MADISON - Democratic Gov. Tony Evers chided a Republican lawmaker Thursday who called for the resignation of the state's health secretary, saying it was an "insane statement."
Sen. Tom Tiffany, who was elected to Congress in a special election on Tuesday, said Palm should step down as leader of the Wisconsin Department of Health Services because of how she handled the state's response to the coronavirus pandemic, which Tiffany referred to as the "Wuhan virus."
The state Supreme Court on Wednesday ruled 4-3 that Palm exceeded her authority with an order that closed most nonessential businesses to slow the spread of the virus. Palm was appointed by Evers but has not been confirmed by the Republican-controlled state Senate. Two other Republican senators previously called for her confirmation to be rejected, just as the Senate did last year to Evers' agriculture secretary.
Tiffany said Palm's approach led to the collapse of the state's economy and health care system and "devastated our way of life."
"Ms. Palm came here as Governor Evers' hired gun, and she will leave with Wisconsin's corpse if she continues," Tiffany said in a statement.
Evers stopped a news conference on the virus to speak about Tiffany's statement about 20 minutes after he released it.
"Senator Tiffany please, you just won an election. Just relax," Evers said. "This is an insane statement. We talk about trying to tone down the rhetoric and I've done everything I can do to that. To make a statement like that about someone who has dedicated her life to saving lives, please sir give us a break. You're headed to Washington, D.C. I know you're better than this."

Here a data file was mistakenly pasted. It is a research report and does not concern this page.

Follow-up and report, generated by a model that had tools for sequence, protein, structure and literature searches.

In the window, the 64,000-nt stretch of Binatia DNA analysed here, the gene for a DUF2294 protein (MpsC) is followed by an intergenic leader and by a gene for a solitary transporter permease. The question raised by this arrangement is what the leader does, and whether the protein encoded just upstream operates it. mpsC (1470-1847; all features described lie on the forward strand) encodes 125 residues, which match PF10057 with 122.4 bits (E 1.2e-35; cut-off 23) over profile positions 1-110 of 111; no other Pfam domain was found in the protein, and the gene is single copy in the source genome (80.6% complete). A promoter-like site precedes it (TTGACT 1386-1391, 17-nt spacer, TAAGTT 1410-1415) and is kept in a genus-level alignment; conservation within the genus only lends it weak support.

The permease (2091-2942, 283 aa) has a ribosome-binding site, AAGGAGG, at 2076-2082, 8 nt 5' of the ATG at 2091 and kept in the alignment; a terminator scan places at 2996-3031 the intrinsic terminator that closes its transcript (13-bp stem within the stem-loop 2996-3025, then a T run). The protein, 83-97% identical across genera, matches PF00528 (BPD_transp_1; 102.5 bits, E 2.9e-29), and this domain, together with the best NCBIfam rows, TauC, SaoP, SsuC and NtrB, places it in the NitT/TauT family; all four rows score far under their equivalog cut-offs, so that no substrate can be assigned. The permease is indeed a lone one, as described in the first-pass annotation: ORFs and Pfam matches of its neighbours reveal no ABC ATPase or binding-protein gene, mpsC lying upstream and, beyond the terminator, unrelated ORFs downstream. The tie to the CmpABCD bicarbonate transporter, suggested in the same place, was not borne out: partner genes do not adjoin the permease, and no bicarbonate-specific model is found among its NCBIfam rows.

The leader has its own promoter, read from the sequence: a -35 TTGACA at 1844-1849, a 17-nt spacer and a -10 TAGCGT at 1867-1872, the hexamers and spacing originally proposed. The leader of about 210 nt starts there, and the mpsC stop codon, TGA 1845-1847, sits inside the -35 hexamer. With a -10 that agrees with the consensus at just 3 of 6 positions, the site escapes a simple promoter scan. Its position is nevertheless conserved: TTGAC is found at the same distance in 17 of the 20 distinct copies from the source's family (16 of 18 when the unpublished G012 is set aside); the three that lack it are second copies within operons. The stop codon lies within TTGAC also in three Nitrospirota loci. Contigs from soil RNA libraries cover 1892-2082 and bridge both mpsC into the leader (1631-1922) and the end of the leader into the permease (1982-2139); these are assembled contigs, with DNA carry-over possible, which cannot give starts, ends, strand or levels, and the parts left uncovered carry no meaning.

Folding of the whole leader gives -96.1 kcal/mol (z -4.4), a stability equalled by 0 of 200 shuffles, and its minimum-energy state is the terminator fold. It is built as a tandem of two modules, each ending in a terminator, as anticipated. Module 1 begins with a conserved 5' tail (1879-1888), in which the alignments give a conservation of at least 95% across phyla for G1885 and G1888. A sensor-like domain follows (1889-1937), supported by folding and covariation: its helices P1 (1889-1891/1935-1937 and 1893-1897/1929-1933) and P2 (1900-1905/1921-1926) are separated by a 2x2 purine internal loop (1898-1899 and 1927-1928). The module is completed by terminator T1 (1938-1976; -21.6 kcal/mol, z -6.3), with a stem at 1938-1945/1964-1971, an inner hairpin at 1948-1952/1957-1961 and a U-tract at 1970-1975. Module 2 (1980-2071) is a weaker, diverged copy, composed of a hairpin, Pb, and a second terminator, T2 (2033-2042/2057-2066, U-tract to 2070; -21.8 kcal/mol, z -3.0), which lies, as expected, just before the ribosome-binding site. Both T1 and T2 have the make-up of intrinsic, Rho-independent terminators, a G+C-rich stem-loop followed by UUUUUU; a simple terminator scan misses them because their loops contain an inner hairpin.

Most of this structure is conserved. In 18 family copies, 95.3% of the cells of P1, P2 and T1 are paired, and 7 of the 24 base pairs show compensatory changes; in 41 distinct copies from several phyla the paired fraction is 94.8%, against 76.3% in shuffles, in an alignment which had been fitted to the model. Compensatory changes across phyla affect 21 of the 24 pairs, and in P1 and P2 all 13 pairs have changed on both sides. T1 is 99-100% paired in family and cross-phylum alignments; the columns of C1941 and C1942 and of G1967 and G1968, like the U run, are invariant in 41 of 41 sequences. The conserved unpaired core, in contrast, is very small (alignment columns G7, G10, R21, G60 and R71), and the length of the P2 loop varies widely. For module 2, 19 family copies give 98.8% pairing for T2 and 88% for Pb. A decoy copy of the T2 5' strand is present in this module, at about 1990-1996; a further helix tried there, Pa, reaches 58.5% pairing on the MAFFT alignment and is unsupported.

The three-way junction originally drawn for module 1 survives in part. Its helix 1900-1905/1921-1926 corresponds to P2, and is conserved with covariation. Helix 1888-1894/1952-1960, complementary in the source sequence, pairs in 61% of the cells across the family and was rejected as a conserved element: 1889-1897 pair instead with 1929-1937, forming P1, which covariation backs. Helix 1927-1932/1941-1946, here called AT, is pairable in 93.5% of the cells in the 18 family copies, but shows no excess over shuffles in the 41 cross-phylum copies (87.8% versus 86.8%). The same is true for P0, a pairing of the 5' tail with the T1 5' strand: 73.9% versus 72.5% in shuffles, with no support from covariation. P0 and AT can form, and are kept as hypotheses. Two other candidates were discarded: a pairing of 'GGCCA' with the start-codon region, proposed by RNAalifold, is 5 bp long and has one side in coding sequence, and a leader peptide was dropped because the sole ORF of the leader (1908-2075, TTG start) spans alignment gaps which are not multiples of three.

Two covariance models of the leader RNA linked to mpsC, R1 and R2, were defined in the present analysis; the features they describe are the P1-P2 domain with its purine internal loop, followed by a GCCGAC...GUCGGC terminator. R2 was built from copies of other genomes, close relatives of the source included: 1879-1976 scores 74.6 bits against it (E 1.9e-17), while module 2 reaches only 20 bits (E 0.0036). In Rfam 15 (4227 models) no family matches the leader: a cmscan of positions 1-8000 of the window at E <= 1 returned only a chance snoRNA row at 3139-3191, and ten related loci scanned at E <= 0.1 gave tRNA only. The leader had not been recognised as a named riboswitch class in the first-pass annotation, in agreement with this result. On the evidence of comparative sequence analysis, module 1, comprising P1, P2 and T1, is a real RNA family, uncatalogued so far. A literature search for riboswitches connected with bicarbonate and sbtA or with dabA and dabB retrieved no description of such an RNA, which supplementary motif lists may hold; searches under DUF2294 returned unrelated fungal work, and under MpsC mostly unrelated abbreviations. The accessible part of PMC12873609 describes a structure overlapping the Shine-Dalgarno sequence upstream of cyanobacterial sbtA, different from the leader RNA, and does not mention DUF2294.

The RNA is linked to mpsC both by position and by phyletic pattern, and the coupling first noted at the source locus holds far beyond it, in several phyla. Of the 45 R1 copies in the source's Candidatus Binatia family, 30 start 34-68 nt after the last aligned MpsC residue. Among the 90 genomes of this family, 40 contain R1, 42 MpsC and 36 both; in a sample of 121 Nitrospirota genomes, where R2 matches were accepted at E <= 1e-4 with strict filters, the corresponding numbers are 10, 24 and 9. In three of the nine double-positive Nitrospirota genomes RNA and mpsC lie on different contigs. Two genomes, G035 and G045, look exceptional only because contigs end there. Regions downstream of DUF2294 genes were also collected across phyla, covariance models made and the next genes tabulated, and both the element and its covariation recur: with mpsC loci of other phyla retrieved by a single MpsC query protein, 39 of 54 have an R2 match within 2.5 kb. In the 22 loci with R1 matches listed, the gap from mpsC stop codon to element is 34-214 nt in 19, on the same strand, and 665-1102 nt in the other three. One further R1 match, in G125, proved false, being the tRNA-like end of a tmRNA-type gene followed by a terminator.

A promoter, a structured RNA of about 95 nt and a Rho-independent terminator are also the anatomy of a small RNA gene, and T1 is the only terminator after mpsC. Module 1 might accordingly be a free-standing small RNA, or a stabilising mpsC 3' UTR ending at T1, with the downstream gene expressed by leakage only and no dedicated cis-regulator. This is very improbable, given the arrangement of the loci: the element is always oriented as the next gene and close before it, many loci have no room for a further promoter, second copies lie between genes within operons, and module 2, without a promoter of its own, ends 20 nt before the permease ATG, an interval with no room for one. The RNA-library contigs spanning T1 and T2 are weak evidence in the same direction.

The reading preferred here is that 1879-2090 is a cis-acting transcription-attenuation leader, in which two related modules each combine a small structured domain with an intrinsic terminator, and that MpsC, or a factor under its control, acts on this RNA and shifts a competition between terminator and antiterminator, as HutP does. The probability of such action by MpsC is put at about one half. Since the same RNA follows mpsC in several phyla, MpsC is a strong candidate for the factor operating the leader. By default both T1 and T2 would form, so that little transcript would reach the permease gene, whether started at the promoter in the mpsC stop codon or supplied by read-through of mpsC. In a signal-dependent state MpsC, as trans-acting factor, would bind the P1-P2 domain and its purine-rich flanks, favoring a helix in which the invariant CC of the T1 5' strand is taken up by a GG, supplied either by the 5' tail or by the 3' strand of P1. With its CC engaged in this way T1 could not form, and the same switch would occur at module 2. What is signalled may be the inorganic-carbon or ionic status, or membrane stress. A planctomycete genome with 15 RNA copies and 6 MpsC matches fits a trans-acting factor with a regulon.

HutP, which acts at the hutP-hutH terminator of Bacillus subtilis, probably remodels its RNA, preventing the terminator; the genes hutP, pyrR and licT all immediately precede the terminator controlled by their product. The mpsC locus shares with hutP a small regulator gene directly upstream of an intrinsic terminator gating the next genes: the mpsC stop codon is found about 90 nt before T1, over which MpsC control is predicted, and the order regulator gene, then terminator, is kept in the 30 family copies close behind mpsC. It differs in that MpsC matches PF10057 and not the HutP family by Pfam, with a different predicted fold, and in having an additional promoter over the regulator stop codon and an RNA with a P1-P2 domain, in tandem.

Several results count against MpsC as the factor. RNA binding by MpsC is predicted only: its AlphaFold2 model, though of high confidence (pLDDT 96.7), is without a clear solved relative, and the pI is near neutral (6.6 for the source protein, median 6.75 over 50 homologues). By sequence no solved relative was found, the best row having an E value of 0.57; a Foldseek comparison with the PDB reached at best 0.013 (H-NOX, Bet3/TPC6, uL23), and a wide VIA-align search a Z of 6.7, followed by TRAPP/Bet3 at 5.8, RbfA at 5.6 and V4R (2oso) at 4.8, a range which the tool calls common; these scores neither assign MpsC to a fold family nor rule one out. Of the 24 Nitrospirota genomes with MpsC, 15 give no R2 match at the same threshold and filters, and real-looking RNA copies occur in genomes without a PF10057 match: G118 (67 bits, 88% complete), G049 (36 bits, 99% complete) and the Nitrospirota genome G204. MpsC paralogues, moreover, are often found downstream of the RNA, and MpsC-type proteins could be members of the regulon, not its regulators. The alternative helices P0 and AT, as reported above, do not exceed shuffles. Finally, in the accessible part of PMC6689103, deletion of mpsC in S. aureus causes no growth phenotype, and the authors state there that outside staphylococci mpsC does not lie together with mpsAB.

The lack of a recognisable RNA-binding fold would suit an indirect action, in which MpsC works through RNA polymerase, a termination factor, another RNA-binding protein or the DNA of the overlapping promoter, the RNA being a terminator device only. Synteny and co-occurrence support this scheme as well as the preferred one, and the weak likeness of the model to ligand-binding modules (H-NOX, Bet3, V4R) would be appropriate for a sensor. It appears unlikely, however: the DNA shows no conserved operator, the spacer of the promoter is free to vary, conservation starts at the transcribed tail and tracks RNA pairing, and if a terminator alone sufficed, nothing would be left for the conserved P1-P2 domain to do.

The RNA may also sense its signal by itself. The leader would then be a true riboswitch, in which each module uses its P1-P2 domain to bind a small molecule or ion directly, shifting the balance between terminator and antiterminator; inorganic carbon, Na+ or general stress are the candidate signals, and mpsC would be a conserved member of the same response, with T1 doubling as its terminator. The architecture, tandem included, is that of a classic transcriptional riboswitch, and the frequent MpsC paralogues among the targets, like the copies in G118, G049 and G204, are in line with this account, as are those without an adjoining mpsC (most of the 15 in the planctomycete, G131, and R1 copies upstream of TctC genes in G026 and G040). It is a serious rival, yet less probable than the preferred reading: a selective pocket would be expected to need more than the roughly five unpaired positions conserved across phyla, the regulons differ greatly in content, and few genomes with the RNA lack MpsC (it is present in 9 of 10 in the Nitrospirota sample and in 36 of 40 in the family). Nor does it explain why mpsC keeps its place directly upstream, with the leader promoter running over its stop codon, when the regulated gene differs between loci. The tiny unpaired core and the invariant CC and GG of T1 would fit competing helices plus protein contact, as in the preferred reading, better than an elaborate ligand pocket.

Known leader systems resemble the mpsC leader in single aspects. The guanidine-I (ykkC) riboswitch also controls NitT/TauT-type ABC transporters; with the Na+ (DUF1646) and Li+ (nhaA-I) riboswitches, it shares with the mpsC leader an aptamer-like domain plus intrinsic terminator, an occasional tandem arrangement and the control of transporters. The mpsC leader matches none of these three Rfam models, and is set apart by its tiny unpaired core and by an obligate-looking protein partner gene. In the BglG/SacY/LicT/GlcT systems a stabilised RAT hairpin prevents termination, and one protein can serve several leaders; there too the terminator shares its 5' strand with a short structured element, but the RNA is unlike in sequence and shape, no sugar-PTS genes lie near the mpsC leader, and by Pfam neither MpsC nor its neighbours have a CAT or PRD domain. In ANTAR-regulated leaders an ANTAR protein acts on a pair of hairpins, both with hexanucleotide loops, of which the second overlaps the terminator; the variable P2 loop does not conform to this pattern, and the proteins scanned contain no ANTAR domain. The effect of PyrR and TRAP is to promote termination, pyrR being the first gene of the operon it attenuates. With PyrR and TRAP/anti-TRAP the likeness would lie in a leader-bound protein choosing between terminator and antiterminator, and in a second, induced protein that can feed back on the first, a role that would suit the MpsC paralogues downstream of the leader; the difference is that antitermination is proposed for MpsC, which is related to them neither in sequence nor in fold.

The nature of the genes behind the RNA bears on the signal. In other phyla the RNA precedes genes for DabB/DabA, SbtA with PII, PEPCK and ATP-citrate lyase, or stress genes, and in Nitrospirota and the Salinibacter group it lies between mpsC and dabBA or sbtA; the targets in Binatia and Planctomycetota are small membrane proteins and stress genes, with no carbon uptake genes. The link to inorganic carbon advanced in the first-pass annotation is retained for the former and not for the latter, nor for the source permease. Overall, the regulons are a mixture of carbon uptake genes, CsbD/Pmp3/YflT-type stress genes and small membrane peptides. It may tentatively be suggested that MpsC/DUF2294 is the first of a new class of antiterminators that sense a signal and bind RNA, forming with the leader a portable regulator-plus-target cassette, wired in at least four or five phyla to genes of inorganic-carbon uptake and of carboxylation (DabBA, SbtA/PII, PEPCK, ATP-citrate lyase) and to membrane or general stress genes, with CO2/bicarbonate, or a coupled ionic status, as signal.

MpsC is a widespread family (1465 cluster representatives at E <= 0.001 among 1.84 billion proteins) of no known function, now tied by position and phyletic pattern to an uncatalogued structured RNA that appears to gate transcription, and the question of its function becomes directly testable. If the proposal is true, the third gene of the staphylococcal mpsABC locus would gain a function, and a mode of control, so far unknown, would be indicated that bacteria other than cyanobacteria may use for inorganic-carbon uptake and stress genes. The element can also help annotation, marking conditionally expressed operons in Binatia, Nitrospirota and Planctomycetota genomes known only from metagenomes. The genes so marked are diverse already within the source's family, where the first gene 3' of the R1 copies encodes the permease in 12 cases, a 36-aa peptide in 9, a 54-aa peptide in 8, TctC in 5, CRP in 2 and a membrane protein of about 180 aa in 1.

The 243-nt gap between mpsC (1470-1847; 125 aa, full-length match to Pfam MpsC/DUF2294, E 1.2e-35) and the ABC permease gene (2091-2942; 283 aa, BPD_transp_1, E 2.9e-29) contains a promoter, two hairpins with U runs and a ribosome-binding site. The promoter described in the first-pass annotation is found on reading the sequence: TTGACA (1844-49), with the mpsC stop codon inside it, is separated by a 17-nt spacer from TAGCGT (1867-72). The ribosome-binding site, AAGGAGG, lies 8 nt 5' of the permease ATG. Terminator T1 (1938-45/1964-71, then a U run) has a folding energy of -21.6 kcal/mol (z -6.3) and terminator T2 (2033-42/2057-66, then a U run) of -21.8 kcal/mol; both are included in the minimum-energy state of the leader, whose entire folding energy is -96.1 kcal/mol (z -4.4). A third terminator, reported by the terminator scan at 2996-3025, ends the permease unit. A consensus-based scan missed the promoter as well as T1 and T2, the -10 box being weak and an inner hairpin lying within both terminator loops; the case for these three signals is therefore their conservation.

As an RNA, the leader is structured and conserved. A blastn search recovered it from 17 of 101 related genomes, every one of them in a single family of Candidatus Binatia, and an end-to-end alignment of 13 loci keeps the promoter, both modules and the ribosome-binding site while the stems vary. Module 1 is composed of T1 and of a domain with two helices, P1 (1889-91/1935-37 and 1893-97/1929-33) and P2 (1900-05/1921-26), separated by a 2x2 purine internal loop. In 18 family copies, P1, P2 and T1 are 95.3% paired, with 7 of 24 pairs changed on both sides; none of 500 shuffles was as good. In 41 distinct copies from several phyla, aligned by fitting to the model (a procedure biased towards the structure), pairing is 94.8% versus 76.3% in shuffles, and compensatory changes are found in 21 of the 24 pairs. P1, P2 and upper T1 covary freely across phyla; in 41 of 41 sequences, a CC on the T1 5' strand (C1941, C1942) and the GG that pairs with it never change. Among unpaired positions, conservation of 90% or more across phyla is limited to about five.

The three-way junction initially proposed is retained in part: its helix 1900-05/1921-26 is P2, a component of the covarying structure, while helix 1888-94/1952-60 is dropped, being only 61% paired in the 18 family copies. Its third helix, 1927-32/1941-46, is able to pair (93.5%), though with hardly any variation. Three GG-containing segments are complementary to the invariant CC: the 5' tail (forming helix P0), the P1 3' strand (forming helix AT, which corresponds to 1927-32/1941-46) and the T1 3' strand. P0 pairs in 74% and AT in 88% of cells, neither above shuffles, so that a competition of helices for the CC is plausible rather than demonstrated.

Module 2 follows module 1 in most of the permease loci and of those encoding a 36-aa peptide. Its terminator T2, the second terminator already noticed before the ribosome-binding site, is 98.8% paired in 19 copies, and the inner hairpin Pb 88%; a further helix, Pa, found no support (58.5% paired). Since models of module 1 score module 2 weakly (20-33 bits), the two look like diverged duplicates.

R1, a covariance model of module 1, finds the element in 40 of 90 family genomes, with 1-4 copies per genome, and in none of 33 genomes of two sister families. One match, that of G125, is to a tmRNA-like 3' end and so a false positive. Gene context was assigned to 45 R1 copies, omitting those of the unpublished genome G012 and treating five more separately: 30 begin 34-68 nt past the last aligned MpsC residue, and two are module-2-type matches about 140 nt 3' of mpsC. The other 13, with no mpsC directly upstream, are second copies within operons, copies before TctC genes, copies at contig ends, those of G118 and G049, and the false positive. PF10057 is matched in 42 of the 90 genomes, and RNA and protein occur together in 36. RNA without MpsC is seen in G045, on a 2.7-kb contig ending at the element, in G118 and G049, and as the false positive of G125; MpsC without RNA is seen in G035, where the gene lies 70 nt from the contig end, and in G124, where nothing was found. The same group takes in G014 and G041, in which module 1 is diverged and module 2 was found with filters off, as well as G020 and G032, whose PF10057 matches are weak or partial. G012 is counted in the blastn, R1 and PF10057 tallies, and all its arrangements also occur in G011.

Tiffany defeated Democrat Tricia Zunker on Tuesday and will replace retired Republican U.S. Rep. Sean Duffy in Congress.
MADISON - The National Guard as a whole is made up of many multi-faceted individuals, coming from many different backgrounds and offering many different types of skillsets where training and knowledge gained inside and outside of their military careers are often brought to enhance the fight.
However, Forest Co. residents connected to employees at Nu Roc say the virus was present a few weeks prior to the county's first case.
Resident Jennifer Connor discovered after speaking to community members that two weeks prior to the county announcing their first confirmed case another employee at NuRoc tested positive in April
Witnesses at NuRoc, who wish to remain anonymous, did confirm that the administration brushed off that employee's COVID like symptoms as another illness and allowed her to continue working in the building until April 24.
That following week the employee tested positive for the coronavirus.
CDC guidelines state "if a healthcare worker develops symptoms of COVID-19 (fever, cough, difficulty breathing), advise them to stay home from work."
Nurses and other staff stated that the employee's significant other tested posted for the virus prior and after speaking with administration they were asked to not share that information with their colleagues.
One stated "Corporate told us that the employer has the coronavirus, but not to say anything to anyone as we need to keep this real quiet. We were told by corporate not to worry."
Following CDC guidelines includes healthcare workers to report when they come in contact to a high or medium-risk exposure. Additionally they ask to exclude them from working for 14 days after the last exposure.
Knowing that information, Connor began to call multiple state agencies to warn of the potential outbreak at Nu Roc.
All nursing homes are required to report data weekly to Centers for Medicare and Medicaid Services and CDC through NHSN according to the CMS and CDC reporting requirements.
After speaking with almost ten state agencies, Connor added in an email to Newswatch 12 that they had no knowledge of the spread and even admitted they had inaccurate data.
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